Thanks for your interest in the Wall Street Self-Defense Manual. The goal of the book (and site) is to help individuals invest more intelligently.
When I was a stock analyst, people often asked me what they should do with their money. Within the Internet sector, I often had some ideas. When the question was broader, however, I usually didn't. As a sector analyst, I didn't know what strategy made sense for any particular individual. Also, like many analysts, I knew more about how to invest intelligently in a single industry than how to invest intelligently overall.
I am no longer a stock analyst, and, thanks to a regulatory disaster (see below), I can no longer give personalized advice. But people still often ask me what they should do with their money. And after a few more years of experience and research, here's what I tell them:
Diversify your assets, reduce your costs, and get out of the way.
After a decade on Wall Street and five years off, I have (reluctantly) been persuaded that the smartest strategy for most individuals is NOT to pick stocks, time the market, study companies, pick funds, make forecasts, or do other things that smart investors are normally assumed to do. Rather, it is simply to diversify among multiple asset classes and let the markets do the work.
If you are like most people, you have probably heard this before but don't really believe it. How could investing in low-cost index funds--an easy way to accomplish the above--really be more intelligent than, say, picking a top-performing sector fund or studying Benjamin Graham? How could stuffing your portfolio full of dogs (half the stocks in an index usually perform worse than average) generate above-average returns? How could unmanaged index funds possibly do better than professional advisors or hedge fund managers who do nothing but pick winners all day? (Answer? Simple arithmetic.)
If this "secret" to intelligent investing is really true, moreover, why don't most people understand it? Why don't more of the investment "gurus" you know (and read about, and listen to, and watch) invest this way? Why are "indexing" and "passive management" still viewed as eccentric strategies, the province of academics and cranks? Why is your investment advisor still telling you he can pick superior stocks and funds?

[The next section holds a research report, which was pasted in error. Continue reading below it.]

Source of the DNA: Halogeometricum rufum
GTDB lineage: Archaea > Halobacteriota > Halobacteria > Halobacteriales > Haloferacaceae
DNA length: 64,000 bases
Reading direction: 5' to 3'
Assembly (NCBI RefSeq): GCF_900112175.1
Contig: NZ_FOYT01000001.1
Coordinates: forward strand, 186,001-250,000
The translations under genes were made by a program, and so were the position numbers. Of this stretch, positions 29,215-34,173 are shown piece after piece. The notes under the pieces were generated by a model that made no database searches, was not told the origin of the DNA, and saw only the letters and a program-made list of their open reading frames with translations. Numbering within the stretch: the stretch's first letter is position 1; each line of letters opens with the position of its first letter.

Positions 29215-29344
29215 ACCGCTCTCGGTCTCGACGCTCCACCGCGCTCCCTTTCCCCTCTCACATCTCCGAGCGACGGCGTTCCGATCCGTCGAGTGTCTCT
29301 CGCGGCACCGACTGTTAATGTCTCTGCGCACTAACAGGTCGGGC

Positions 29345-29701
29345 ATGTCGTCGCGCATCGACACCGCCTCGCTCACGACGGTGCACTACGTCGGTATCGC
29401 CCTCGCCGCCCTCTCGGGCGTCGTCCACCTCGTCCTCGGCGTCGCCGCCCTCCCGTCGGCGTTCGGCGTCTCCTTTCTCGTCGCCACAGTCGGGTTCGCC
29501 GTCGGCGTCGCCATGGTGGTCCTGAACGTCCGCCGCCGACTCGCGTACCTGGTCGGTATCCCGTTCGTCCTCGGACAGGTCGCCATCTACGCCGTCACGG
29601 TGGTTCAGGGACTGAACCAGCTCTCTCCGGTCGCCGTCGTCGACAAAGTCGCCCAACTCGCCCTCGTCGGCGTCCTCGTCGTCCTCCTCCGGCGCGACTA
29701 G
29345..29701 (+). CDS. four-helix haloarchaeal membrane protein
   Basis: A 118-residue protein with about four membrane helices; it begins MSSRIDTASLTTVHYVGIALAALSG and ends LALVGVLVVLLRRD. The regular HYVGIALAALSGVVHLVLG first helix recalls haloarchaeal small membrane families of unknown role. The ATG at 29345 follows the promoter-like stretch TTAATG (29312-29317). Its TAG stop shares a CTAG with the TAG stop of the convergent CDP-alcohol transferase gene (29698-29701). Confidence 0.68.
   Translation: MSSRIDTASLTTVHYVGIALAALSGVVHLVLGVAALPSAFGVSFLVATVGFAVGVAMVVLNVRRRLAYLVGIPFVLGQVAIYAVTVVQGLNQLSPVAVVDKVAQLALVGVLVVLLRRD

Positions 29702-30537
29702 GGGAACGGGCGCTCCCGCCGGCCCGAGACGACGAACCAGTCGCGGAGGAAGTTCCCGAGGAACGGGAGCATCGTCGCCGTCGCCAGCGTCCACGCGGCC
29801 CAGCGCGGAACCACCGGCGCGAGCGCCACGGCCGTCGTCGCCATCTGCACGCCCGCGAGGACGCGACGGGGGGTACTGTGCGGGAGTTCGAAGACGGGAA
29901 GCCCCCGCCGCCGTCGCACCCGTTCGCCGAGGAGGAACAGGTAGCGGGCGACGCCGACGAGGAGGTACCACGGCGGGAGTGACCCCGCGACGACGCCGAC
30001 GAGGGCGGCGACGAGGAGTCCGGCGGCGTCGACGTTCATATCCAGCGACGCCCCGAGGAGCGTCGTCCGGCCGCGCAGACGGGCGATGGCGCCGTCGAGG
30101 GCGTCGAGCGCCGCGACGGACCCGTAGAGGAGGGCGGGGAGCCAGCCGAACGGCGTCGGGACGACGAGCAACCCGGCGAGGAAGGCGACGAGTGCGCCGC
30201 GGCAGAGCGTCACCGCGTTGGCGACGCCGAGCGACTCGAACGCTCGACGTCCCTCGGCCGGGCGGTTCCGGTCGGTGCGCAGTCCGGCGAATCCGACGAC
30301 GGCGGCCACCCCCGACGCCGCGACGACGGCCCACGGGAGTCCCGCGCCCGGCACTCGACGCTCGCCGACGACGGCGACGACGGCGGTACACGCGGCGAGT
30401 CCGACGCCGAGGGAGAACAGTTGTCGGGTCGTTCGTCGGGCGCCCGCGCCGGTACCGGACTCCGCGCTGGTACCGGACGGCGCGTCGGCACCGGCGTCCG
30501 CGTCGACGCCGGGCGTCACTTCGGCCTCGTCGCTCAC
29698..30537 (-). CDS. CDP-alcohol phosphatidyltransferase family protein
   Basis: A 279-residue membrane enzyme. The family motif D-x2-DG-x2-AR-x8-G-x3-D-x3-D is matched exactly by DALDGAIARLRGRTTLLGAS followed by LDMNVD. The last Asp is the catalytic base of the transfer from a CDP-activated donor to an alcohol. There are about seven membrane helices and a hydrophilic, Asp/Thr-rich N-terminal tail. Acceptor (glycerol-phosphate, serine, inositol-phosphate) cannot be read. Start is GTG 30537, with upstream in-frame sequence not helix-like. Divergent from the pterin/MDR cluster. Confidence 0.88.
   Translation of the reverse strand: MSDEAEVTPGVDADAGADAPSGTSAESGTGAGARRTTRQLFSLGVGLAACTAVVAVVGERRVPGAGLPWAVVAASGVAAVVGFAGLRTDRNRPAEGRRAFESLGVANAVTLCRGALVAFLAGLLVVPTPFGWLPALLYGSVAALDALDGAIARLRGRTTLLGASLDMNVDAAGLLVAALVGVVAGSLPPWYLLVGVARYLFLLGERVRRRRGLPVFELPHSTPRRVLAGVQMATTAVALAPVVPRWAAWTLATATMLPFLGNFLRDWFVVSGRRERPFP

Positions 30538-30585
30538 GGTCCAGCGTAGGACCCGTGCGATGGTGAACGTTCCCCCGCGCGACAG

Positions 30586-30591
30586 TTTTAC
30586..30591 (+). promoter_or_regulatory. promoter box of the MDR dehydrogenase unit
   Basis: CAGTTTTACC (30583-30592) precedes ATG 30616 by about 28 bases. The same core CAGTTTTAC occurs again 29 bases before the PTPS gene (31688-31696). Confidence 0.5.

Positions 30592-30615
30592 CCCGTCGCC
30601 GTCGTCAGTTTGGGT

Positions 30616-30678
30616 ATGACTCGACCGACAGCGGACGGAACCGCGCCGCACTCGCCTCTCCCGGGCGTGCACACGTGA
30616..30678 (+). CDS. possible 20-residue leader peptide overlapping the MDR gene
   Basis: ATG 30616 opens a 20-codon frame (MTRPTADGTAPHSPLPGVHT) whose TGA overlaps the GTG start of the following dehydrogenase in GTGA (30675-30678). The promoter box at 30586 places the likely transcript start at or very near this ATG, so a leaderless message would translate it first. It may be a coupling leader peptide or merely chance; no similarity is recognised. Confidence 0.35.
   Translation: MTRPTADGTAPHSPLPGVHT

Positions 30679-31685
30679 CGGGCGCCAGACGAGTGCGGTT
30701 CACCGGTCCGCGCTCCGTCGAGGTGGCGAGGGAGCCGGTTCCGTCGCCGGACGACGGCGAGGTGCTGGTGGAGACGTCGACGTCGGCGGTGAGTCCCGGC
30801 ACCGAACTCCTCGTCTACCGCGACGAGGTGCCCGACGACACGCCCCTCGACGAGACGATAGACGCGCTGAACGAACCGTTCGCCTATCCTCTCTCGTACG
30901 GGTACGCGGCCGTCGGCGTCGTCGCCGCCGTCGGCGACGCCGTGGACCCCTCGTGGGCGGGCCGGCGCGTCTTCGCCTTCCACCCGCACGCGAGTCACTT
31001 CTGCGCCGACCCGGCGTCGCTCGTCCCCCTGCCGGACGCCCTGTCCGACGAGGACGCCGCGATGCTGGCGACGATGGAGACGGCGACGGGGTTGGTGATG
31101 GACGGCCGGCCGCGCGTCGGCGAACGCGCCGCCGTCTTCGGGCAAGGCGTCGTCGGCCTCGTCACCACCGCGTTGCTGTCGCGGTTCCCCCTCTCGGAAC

In part because the "secret" is a relatively recent discovery (30 years or so) and in part because most people are not motivated to understand it. Most advisors are paid through fees and commissions, and "reducing costs and letting markets do the work" is not the best way to generate them. The investment media, meanwhile, can only write so many stories about the wisdom of low-cost indexing before they run out of things to say. And stockpicking, market timing, etc. are fun, while indexing is dull. So no one in their right mind would choose the latter strategy if they thought, as uninformed commentators often suggest, that it "guaranteed mediocrity."
But it doesn't guarantee "mediocrity." It guarantees an above-average return. And there is an easy way to lock in this return while still having as much fun as your stock-picking, fund-picking, guru-following, investment-media-consuming friends. The first step is to understand what most investors don't:
- What drives returns (free-market capitalism and risk, not "stockpicking");
- Why it is as important to be as savvy about buying investment products and services as you are about buying cars, houses, and other staples.
- What misconceptions cause most investors to throw money away (examples: "Market forecasting is an intelligent activity."; "Mutual funds are cheap and safe."; "A good advisor will get me out before a crash."); and
- Why most investors badly lag the markets (fees, costs, and mistakes).
Once you understand these things, you will have a framework for making smarter investment decisions. If desired, you will also be able to pursue a strategy that allows you to have your cake and eat it, too.
I've posted excerpts from the book on this site (see links at top right corner), and I'll post more over the next few months. I've also posted links to some online resources and further reading. Given my background, as well as the incendiary nature of some of the subject matter, some readers may want to share their thoughts on the blog section of this site. Please do. I can't provide personalized advice, but I'll try to respond to intelligent commentary, and the dialogue will make the next version of the book stronger.
A final note: As I describe in more detail in the book, after leaving Wall Street, I was party to an industry-wide regulatory complaint about the interaction between the research and investment banking functions at brokerage firms (for more information, please read the introduction or visit www.sec.gov). One side effect of this nightmare has been that I have never been able to publicly discuss my last few years as an analyst. I haven't done so in the book, either, but I want to be clear that my silence is not an attempt to ignore or disavow the seriousness of what happened. Everyone who listened to me in my Wall Street years deserves a full discussion of these issues, and someday, I hope, I will be able to provide it (preferably this century, preferably pre-humously).
Thanks again for your interest. I hope you like the book.